obesity and general anaesthesia

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General anaesthesia in the obese patient is a difficult task because of a number of major complicating factors:

  • cardiovascular:
    • majority have moderate to severe hypertension
    • predisposed to atherosclerosis and the complications of ischaemic heart disease
    • right or left ventricular failure
    • increased risk of venous thrombosis
    • difficult intravenous access
  • respiratory:
    • poor airway access and management due to reduced neck and mouth mobility, relatively increased size of oropharyngeal tissue - difficult intubation
    • decreased chest wall compliance, inspiratory and expiratory volume, ventilatory effort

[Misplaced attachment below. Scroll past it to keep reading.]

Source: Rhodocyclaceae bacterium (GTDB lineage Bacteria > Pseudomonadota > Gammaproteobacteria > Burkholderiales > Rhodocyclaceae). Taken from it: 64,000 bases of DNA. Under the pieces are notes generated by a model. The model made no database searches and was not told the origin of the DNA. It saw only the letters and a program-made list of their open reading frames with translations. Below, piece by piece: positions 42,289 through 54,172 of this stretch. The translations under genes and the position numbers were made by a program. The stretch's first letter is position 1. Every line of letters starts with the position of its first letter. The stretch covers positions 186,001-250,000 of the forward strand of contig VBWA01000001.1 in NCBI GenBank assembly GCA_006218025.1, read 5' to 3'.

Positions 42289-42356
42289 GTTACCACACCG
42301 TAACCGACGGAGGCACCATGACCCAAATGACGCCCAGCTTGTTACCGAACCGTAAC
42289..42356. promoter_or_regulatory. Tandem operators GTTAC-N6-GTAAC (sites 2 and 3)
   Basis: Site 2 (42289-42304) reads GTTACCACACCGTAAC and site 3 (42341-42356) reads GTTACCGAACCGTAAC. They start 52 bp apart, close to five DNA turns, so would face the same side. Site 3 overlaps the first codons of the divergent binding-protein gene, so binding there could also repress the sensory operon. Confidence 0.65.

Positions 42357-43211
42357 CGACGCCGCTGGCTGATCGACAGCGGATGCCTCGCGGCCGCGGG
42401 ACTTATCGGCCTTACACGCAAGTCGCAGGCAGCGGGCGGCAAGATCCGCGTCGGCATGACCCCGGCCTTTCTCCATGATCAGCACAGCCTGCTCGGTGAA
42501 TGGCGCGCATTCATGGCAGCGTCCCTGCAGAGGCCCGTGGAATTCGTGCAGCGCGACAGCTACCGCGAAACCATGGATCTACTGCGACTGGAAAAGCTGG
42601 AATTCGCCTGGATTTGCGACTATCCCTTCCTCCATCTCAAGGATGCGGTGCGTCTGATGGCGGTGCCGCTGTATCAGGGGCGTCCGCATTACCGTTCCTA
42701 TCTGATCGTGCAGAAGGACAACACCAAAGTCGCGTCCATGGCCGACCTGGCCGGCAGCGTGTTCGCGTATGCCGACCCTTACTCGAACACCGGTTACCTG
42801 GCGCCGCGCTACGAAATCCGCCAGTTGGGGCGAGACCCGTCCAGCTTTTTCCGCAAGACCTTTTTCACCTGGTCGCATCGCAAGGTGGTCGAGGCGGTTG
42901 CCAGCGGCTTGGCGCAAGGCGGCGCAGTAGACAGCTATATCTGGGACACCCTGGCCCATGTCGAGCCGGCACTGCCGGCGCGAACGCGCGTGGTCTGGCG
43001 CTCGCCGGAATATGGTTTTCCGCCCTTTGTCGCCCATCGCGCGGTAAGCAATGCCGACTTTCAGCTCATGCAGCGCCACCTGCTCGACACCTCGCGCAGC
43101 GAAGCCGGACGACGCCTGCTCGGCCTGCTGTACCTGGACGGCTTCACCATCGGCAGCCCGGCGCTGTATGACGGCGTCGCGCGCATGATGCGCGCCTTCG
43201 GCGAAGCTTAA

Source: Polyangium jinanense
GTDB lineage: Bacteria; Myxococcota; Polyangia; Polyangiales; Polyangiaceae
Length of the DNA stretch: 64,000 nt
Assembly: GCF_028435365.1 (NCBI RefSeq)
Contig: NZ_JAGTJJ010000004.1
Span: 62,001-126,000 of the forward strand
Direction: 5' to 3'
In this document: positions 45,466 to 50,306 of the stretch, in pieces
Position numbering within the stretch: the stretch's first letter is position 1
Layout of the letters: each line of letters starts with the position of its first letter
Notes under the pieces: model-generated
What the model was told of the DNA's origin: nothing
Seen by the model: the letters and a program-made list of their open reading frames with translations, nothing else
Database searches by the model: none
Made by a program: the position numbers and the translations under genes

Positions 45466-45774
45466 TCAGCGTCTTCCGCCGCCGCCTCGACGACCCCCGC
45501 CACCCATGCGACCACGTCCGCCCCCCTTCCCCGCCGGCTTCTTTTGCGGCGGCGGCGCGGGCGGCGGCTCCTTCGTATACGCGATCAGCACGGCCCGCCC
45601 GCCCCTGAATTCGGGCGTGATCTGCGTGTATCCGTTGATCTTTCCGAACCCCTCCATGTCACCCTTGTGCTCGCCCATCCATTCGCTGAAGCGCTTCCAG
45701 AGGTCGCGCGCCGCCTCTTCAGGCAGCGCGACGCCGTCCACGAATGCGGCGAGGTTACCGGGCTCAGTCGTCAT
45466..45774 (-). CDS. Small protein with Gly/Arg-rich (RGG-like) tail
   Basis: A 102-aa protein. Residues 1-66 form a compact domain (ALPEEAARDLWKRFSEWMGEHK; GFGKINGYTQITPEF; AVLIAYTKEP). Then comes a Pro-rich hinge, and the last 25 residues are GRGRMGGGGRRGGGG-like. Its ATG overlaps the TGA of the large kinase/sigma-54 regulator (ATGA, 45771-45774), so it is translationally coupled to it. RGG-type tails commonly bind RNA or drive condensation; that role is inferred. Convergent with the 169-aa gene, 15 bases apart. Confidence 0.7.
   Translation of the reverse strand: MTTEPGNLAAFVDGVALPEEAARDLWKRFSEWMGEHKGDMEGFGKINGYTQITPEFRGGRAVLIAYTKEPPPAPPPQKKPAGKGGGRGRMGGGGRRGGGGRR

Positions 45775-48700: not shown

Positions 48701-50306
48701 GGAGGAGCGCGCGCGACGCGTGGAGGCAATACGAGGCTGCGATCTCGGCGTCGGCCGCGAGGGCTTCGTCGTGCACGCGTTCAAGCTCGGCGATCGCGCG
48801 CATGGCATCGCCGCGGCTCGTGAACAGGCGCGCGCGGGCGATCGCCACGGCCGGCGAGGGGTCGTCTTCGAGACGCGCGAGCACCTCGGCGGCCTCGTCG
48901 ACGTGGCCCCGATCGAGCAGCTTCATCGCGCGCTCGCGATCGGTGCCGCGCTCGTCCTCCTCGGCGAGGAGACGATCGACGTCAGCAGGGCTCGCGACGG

• greater tendency to shunt blood to underperfused parts of lung; increased incidence of sleep apnoea
    • possibly, reliance on hypoxic drive for respiration - "Pickwickian syndrome"
  • endocrine:
    • impaired glucose tolerance - a tendency to hyperglycaemia
  • biochemistry:
    • deranged lipid levels and hypercholesterolaemia
    • labile LFT's because of lipid infiltration of liver
  • abnormal pharmokinetics:
    • greater size of lipid compartment and reduced size of water compartment alters the volume of distribution of a drug depending on whether it is hydrophobic or hydrophilic
    • altered drug binding and clearance
    • excessive degradation of halothane resulting in hepatitis
  • miscellaneous:
    • increased risk of wound infection
    • greater frequency of hiatus hernia, higher gastric pH and increased risk of aspiration
    • generally longer operations are needed

Last reviewed 10/2021

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